Waimanalo puppy mill dogs start going up for adoption - Hawaii News Now - KGMB and KHNL

Waimanalo puppy mill dogs start going up for adoption

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Rose Rufo Rose Rufo
Mary Okinaka Mary Okinaka
Rex Parmalee Rex Parmalee

By Ben Gutierrez - bio | email

KAILUA (HawaiiNewsNow) - After being in limbo for several months after they were seized from a Waimanalo puppy mill, some dogs are finally going to new homes.

Ted, an eight-year-old male yellow Lab mix, and Kenzie, a seven year-old female black Lab, were among four dogs from the puppy mill that were available at a Hawaiian Humane Society adoption event at Mike McKenna Windward Ford in Kailua.

The car dealership has hosted pet adoptions before, but publicity about the Waimanalo mill dogs boosted interest. People crowded the pet adoption area an hour before it was supposed to open at 11 a.m.

"We kind of expected a bigger turnout because of the news and the puppies (from) the Waimanalo puppy mill, but this was beyond what we expected," said Rose Rufo of McKenna Windward Ford. "It's great. It's amazing."

A total of 232 dogs and puppies came from the mill, including 153 that were actually seized in February. The remainder were born to those dogs while a custody case went to court. Just last Thursday, the mill's owner forfeited custody.

Most of the seized dogs have already captured the hearts of their foster families.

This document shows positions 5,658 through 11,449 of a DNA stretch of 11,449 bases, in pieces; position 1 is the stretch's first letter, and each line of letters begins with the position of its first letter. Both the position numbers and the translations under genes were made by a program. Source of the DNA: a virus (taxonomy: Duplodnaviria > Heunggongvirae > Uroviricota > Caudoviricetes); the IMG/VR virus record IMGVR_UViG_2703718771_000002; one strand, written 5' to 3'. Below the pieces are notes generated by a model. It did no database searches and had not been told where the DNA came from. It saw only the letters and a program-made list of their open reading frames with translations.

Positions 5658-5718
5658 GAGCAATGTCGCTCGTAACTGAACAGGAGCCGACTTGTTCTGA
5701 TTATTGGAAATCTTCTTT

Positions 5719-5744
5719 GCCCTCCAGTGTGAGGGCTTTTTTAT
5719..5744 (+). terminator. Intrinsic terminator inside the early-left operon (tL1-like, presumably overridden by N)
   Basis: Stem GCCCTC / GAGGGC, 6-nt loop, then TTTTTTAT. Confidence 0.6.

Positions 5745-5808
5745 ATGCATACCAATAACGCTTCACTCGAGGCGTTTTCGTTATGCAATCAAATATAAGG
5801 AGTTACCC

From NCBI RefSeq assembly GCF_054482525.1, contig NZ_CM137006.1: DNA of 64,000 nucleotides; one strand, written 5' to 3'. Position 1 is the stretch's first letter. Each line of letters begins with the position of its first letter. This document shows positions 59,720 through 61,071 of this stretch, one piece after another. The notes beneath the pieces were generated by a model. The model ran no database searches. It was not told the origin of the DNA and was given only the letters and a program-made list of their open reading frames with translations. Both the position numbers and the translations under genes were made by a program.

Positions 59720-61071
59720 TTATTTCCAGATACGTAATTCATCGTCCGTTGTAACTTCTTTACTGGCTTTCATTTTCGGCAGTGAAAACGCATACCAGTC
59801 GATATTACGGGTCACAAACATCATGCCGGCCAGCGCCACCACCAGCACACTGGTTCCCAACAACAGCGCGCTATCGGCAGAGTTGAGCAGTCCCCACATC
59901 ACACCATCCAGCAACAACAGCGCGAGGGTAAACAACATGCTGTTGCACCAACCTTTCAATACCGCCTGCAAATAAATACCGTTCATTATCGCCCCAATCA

"We're in the process right now of figuring out which fosters want to keep, and so the exact numbers are a little bit squishy," said Mary Okinaka, community partnerships coordinator for the Humane Society. "But I do know that the majority are spoken for."

Ted and Kenzie had to be adopted as a pair. They had been a breeding pair; in fact, Kenzie had been over bred. The two have since been fixed.

Meantime, a six year-old Japanese Chin, or Japanese spaniel, became the first of the Waimanalo mill dogs to find a new home. Rex Parmalee held "Eddie" after signing the paperwork for the dog that his ten- and two-year-old daughters picked out.

"I just found out that Eddie was the first puppy mill dog to be adopted," Parmalee said. "We were just looking for a dog in general. Didn't matter where he or she came from."

"Our main concern is for the animals and their welfare, and that just that they're being taken care of," Okinaka said, "they have homes instead of not being touched, not being able to be cuddled. I mean, who wants that, right?"

There were other dogs, and several cats and kittens, that were up for adoption as well. But Eddie is headed to a new home, to a new and completely different life. And Parmalee hinted that his daughters may give Eddie a new name, too.

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